Henry Darger is the creator of a dense, laboriously illustrated, 15,000 page epic detailing The Story of the Vivian Girls in What is Known as the Realms of the Unreal. He created the work over the course of sixty years.
He never showed it to anyone.
Darger's paintings are singularly beautiful. They have something of the elegance of a Japanese wood-block, the scale and ambition of a Ruebens epic, and a naiveté that makes them at once charming and deeply upsetting.
He was a hermit, a recluse, with no social involvements to speak of. He lived with his art, gave it all of the time and money he could manage between his job as a hospital janitor, and his devoted practice of Catholicism.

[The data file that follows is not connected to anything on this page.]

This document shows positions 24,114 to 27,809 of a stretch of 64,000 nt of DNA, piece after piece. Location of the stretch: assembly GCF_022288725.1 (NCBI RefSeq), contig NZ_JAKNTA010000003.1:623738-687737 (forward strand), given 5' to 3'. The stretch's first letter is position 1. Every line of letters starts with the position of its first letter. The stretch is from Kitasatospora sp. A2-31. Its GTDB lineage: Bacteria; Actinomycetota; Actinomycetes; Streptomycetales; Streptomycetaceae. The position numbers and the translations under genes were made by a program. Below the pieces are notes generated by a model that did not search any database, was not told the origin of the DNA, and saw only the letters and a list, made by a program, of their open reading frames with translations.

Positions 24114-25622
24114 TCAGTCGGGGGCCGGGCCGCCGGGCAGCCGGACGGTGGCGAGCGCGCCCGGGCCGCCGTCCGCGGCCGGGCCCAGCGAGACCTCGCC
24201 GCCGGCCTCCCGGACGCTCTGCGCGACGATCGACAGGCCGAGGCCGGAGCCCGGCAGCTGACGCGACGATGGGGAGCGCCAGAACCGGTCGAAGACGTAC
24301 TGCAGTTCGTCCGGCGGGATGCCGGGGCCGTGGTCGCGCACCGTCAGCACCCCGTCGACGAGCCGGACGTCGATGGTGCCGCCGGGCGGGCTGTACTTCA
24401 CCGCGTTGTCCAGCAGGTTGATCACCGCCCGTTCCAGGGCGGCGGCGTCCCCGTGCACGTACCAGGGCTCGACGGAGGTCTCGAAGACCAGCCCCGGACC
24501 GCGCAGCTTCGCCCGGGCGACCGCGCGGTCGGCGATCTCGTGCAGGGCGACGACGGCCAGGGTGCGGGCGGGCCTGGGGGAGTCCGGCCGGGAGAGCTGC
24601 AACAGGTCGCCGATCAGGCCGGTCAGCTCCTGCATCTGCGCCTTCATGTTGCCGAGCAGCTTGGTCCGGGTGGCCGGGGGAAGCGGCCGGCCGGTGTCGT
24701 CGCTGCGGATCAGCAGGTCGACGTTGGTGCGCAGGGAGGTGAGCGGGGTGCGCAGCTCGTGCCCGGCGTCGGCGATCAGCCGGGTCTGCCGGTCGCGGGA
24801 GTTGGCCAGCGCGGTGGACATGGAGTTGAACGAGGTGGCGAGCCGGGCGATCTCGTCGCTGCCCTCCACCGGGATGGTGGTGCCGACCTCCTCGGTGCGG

I don't know why Darger made what he did, why he kept it to himself, why he chose to burrow into his imagination rather than seek the association of people. I don't know that he could have made other choices had he wanted to. But it lends a kind of purity to his work. It is a strange form of worship, some kind of saint-like religious ecstasy that flows from the pages of scribbled prose and thickly patterned illustrations. It's also the voice of a trapped and lonely man, desperate for companionship he would never know.
It's a beautiful voice. Sad, and defiant, and beautiful.